Why Diversity Matters
Diversity can be somewhat of buzzword among both college admissions officers and students. What does it mean to you?
The root word of diversity is from the Latin, "diversus" which means "various". We use it today to describe a mixture of peoples, traditions, ideas and cultures.
How does this translate to the college experience?
Diversity can be a huge benefit to students, as it not only exposes them to new ways of thinking, it prepares them for the diverse workforce of tomorrow, as well as inspires innovation and creativity.
In order to achieve the most benefit from a diverse campus, seek out institutions that are not only promoting diversity by recruiting students and hiring faculty from minority groups actively, but are also promoting an environment where there is confident interaction between different groups.
Start now by Learning About Diversity at American College for Medical Careers, and how it is Similar to Other Schools in the United States.
Overall Diversity is Below Average
To get the overall diversity ranking, we took the combination of ethnicity on campus, geographic origin of students, gender and age diversity.
American College for Medical Careers is below average when it comes to overall diversity, and is ranked #2,242 nationwide.
Excellent Ethnic Diversity
Many students value the opportunity to meet and learn from different ethnic and racial groups, which is more possible at a diverse school such as this one.
American College for Medical Careers is ranked #278 in ethnic diversity nationwide with a student body composition that is far above the national average.
Explore Ethnic Diversity at American College for Medical Careers
If the data is present, the chart will also show American College for Medical Careers faculty diversity.
College is Heavily Dominated by One Sex
Will you feel more comfortable on a college campus with a balanced mix of males to females?
At American College for Medical Careers, the male to female student ratio is far below the national average of about 40:60 with a student body that is predominantly female.
This college is ranked at #2,499 in male to female diversity nationwide. The undergraduate population is comprised of 36 males and 342 females.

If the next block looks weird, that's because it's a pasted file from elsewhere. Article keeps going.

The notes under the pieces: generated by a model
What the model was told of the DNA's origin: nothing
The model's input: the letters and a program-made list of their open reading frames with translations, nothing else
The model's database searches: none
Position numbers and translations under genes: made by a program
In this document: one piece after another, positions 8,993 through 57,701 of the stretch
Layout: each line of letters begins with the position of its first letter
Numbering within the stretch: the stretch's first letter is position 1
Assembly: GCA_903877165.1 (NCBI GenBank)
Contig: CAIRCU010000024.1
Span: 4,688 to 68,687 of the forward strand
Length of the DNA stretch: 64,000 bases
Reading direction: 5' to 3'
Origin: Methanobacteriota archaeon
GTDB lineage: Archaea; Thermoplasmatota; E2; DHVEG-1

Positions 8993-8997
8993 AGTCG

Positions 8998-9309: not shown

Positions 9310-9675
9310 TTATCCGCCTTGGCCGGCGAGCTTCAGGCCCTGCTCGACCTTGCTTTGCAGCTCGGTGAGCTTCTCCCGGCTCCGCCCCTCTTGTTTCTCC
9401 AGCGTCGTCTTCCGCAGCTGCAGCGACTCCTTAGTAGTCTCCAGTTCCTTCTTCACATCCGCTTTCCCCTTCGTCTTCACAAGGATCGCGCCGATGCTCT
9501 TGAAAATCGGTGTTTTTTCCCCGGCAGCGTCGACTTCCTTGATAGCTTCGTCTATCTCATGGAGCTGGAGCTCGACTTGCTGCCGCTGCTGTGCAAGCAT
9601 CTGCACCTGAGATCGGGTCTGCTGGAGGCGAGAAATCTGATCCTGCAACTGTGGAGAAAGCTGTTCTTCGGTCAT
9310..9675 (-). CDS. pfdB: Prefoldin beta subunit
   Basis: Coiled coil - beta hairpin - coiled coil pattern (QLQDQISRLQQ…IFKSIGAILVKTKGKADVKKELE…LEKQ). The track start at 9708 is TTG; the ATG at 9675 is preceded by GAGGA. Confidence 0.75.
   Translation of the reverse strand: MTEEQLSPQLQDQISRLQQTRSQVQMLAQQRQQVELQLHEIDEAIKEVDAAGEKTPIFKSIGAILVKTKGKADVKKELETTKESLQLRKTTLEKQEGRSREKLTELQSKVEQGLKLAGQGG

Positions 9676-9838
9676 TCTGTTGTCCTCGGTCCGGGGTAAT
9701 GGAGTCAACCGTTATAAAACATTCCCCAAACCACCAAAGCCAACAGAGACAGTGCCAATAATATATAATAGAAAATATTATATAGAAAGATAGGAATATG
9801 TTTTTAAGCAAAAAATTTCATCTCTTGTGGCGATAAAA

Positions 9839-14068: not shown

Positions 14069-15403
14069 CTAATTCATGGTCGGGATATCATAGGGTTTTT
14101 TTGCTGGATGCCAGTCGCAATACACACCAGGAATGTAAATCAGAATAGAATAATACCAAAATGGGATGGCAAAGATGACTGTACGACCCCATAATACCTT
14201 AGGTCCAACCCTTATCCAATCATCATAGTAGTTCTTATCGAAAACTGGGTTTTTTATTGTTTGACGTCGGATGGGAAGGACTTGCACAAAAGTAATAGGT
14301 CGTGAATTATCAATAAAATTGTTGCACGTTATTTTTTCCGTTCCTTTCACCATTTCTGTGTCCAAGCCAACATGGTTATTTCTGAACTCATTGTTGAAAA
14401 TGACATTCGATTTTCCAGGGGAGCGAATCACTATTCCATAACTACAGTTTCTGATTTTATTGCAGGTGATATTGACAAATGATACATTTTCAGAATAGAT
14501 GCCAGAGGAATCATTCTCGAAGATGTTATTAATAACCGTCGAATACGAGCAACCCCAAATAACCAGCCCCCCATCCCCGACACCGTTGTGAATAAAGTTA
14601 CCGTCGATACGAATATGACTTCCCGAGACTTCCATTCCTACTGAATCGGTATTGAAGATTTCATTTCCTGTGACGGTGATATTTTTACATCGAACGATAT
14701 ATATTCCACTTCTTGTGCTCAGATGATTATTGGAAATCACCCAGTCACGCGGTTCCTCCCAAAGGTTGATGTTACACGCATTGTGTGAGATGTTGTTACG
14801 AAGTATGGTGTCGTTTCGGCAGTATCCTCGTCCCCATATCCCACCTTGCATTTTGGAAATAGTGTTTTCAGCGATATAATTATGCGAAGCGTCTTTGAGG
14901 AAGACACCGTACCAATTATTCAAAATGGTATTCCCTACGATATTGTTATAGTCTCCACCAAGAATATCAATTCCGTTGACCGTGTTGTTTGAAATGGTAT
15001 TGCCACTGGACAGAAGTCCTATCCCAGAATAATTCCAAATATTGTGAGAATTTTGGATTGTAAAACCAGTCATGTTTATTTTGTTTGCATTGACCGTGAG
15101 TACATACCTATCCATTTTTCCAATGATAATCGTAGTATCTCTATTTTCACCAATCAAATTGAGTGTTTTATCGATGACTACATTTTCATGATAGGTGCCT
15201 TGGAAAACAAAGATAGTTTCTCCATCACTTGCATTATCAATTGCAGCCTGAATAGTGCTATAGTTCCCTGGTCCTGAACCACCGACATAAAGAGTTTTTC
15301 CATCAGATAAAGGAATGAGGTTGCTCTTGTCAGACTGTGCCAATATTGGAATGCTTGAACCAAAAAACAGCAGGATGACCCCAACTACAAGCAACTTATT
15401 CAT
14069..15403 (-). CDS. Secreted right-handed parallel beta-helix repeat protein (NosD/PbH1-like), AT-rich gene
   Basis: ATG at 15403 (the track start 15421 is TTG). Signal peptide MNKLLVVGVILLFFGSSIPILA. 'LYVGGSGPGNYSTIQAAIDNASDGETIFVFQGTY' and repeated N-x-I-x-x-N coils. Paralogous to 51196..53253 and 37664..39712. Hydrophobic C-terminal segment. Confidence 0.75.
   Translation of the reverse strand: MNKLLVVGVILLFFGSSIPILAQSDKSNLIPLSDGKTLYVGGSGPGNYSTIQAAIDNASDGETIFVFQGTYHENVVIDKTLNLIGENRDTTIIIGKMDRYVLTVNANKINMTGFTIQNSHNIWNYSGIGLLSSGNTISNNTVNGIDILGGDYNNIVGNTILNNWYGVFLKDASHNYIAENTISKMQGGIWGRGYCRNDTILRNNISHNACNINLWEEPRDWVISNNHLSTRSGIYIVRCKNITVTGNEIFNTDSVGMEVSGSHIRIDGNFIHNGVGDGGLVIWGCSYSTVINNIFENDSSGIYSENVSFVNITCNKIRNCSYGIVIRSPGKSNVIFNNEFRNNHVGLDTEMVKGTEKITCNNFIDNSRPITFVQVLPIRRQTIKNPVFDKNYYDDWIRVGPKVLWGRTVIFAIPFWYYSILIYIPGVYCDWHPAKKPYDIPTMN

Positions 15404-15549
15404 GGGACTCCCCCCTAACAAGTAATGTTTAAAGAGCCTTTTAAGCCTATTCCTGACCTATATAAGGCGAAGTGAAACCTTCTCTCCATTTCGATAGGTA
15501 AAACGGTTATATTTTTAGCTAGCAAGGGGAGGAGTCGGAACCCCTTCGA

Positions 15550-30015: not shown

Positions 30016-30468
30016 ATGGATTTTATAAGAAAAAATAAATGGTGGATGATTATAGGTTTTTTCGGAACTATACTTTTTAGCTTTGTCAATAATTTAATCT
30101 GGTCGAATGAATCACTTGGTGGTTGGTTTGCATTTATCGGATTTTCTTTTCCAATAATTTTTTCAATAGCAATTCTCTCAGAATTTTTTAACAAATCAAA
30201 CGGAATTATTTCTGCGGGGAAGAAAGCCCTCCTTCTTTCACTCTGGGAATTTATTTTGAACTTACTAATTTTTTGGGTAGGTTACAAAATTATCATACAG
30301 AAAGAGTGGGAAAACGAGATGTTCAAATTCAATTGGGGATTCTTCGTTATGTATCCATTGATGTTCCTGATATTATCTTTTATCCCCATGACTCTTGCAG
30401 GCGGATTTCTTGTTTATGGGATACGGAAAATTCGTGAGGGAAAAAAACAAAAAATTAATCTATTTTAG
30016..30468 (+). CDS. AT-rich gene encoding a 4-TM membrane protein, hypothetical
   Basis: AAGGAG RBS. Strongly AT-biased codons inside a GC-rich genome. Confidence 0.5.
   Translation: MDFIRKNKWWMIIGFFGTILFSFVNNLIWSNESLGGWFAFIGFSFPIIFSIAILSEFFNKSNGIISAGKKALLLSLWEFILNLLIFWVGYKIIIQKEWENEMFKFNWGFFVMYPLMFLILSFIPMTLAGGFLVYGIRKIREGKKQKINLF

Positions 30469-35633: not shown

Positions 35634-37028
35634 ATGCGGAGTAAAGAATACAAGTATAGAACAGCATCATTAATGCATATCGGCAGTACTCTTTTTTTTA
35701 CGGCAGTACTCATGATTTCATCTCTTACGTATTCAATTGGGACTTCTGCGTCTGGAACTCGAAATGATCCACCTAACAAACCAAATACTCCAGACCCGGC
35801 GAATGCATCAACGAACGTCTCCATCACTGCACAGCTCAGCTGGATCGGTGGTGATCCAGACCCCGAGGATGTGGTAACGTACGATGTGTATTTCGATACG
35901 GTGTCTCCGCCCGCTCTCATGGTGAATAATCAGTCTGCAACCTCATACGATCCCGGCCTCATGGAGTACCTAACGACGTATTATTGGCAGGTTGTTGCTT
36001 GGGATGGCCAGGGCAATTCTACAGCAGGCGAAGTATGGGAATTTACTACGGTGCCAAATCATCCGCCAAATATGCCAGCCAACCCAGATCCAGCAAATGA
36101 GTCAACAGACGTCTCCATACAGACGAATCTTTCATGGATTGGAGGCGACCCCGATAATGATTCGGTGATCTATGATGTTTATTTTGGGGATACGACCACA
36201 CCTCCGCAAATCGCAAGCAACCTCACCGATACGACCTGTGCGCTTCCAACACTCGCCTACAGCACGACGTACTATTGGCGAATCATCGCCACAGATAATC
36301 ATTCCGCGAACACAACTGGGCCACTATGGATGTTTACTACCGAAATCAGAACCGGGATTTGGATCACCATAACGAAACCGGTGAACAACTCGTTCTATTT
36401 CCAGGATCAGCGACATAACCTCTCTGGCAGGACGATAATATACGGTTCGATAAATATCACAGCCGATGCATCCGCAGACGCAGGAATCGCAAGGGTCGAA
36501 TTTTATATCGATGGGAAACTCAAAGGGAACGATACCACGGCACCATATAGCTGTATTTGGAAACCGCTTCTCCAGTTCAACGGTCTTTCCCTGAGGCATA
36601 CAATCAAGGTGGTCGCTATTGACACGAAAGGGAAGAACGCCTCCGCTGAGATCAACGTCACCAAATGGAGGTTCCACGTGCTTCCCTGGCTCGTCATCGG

Explore Male/Female Diversity at American College for Medical Careers
If available, the chart below will include the male to female ratio among American College for Medical Careers' faculty, as well as students.
Campus Represents the State Well
This school seems to only be popular among students from one state. Is it the right choice for you?
We have derived the geographic diversity of each school by looking at where matriculated undergraduates resided before they were admitted to college.
Over 90% of the students attending American College for Medical Careers come from within Florida. This places American College for Medical Careers' level of geographic diversity well below the national average and gives it a national geographic diversity ranking of #2,353.
Dive Into Nationwide Geographic Diversity
All undergraduates attending American College for Medical Careers come from within Florida.
Age Diversity Unknown
Some students may opt to be surrounded by other students who are the same age, while others seek more diverse perspectives from other age groups.
The traditional college student ranges in age from 18 to 22. We were able to determine the student body age distribution for most of the schools in our database. However, we were not able to do so for American College for Medical Careers, as the information is not available.
Questions About Diversity
- How is American College for Medical Careers doing at attracting and supporting students from all economic backgrounds?
Even a school with high racial, ethnic and geographic diversity may not be diverse when it comes to the income levels of their students. To get a better idea of how American College for Medical Careers is supporting low-income students check the Financial Aid Page.
- How important is diversity to American College for Medical Careers?
Get in touch with the school to find out what they are doing to stimulate diversity, and what student groups, clubs and associations are available that encourage diversified perspectives on campus.